Based on the torque requirement, Torotrak’s CVT manages energy delivery by applying the appropriate hydraulic pressure to the discs and rollers at the heart of its traction drive. The rollers then self-steer to the appropriate ratio. It is the combination of torque-controlled operation with continuously variable speed ratios that makes the Torotrak traction drive so effective.


Nick Lyons

This looks like an elegant, low cost solution for city-duty vehicles (buses, garbage trucks). It would be interesting to compare costs & benefits with hydraulic hybrid solutions for same vehicle classes.


HG will like this one.


Construction starts on “Flybus” demonstrator; ' sounds like another hustle.

Henry Gibson

Try to get a look at the Parry People Mover trams now in revenue service. They are far lower technology but work. The torotrack system is very interesting. ..HG..


Let's see:

  1. This needs the system of magnetic poles printed on the outside of the flywheel to provide alternator power from the flywheel. This would allow the engine to be shut off at stops and restarted with electric power.
  2. The same would supply power for accessories while stopped.


This is the biggest threat to electric hybrids, simply because it can be more efficient and cost less.

A system not intended for retrofitting but for OEM application would, of course, be much better and also address the issues mentioned in some comments above.


A "threat" to electric hybrids? Who cares? Whatever gets the job done.


How surprised I am to find yet again a nasty comment from the Poet... Whatever I post on this site, you always have a malicious response; even when I do not refer to your comments. Well, much to your surprise, I do not care about your comments!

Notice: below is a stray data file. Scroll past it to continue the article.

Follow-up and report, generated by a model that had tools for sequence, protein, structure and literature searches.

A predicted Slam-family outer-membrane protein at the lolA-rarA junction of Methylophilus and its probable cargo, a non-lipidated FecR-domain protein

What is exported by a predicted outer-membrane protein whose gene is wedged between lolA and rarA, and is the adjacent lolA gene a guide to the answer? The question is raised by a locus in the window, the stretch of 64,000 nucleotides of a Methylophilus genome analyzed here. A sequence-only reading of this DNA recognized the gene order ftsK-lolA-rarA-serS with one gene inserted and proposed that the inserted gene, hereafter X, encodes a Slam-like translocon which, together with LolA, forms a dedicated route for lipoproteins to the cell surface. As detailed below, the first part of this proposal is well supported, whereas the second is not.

Technology diversity is not all negative. The next 10+ years will see many technologies used. The best one (BEVs) will eventually win sometime during the next decade.

- HEVs (with various types of energy storage) are effective to reduce GHG and fuel consumption and may represent the best current time buy.

- PHEVs do it better but need (various type) on-board e-generator and larger more expensive batteries. A good transition technology.

- BEVs are the most efficient (now) for short range but batteries are costly and may not last long enough.

- Extended range BEVs are what we should get by 2020+ when batteries-ultracaps performance is sufficient and price is down.

An acceptable compromise would be a Toyota Prius III for 10 years and a pure improved BEV by 2020+.


You make a comment implying that there's some kind of "war" between electric and mechanical (flywheel or hydraulic hybrids), and when someone notes that the technology is irrelevant as long as it works you call it "nasty"?

I'm not sure whether you're hypersensitive to any potential slight, or simply clueless. Regardless, you've obviously become opposed to electric hybrids for reasons which have nothing to do with their merits or lack thereof.

I've said it before, and I'll say it again: mechanical energy recovery and storage is great for start-stop duty cycles like garbage trucks and city buses because the systems are highly efficient, can manage very high power/weight, and the low energy/weight ratio is not a handicap at low speeds. At higher speeds and in uses where power is supplied to the vehicle as electricity, electric hybrids tend to be superior. If you feel like objecting to that because I said it, go ahead.


The majority will soon agree, that most pure ICE vehicles are on their way out. However, they will not fade away overnight. Improved ICE machines will be around (in diminishing numbers) for another 2 decades or so, while electrified vehicles will progressively move in.

Sometime between 2020 and 2030, the majority of new vehicles will be electrified. By 2030, old faithful ICE vehicles, will find their way in museums for our grand children to see but not to drive around.